In All Answers Ltd v HMRC [2018] TC06845, the FTT held that there was no agency arrangement in an essay-writing service for students.

  • The company was an online service that produced essays, theses and coursework for students. 
  • HMRC raised an assessment for £900k in VAT on the basis it was acting as a principal and not as an agent.
  • If a principal, VAT is charged on the whole amount paid by the student. If an agent, VAT is charged only on the commission element.
  • The company appealed to the FTT.

The tribunal noted that the essays were written by teachers, lecturers and others. Its terms of business contained “euphemisms” such as referring to essays as “research”. The terms also included “artificial premises” such as saying that the student must not pass off the essay as his or her own work, when that was clearly the whole purpose of the business. 

Finding that the company ensured that the writer and student did not know each other’s identity, the FTT concluded that there was no agency. The company was acting as principal. The case has been appealed to the Upper tribunal.


Useful guides

VAT: Agents and Principals
Where someone is acting as agent for a principal, it is possible that the income received by the agent on behalf of the principal is outside the scope of VAT for the agent. What is an agent for VAT purposes? When do these rules apply?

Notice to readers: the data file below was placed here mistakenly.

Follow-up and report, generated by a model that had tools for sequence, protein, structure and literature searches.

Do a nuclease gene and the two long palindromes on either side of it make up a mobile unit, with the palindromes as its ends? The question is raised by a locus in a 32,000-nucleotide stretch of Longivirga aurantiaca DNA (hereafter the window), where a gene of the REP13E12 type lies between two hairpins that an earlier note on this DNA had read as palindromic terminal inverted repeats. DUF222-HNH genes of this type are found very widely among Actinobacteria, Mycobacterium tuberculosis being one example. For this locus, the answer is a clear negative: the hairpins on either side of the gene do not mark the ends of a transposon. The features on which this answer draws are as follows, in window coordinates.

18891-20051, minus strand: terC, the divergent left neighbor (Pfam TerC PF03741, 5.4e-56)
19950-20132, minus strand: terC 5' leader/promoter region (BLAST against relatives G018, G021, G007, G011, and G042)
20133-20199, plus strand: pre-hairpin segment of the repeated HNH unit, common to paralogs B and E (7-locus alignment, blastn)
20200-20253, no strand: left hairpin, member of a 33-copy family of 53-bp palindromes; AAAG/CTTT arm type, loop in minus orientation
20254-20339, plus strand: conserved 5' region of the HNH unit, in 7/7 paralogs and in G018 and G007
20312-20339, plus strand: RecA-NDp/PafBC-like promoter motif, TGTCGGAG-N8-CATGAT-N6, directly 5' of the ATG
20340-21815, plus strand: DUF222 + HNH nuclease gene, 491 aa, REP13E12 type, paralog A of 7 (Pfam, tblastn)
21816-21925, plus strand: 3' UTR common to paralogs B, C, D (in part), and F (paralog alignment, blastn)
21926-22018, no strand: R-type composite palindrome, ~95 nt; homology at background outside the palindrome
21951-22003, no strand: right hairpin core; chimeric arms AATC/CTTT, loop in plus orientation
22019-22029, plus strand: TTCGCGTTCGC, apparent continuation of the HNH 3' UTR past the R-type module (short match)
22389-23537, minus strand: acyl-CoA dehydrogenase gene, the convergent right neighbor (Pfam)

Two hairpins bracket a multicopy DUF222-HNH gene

VAT: Place of supply: The Mini One Stop Shop (MOSS)
From 1 January 2015, the place of supply for business-to-consumer (B2C) suppliers of digital services changed to the place where the customer who receives the service lives or is located, and the suppliers therefore account for VAT at the applicable rate in the relevant member state.

How to appeal a decision of HMRC
Key steps in appealing a decision of HMRC.

How to Appeal a Tax Penalty
Step by step guide to ensure that you appeal all the right things

Agency workers 
This Practical Tax Guide looks at the changes to the treatment of workers supplied through UK based agencies, employment businesses or other intermediaries.

External links

All Answers Ltd v HMRC [2018] TC06845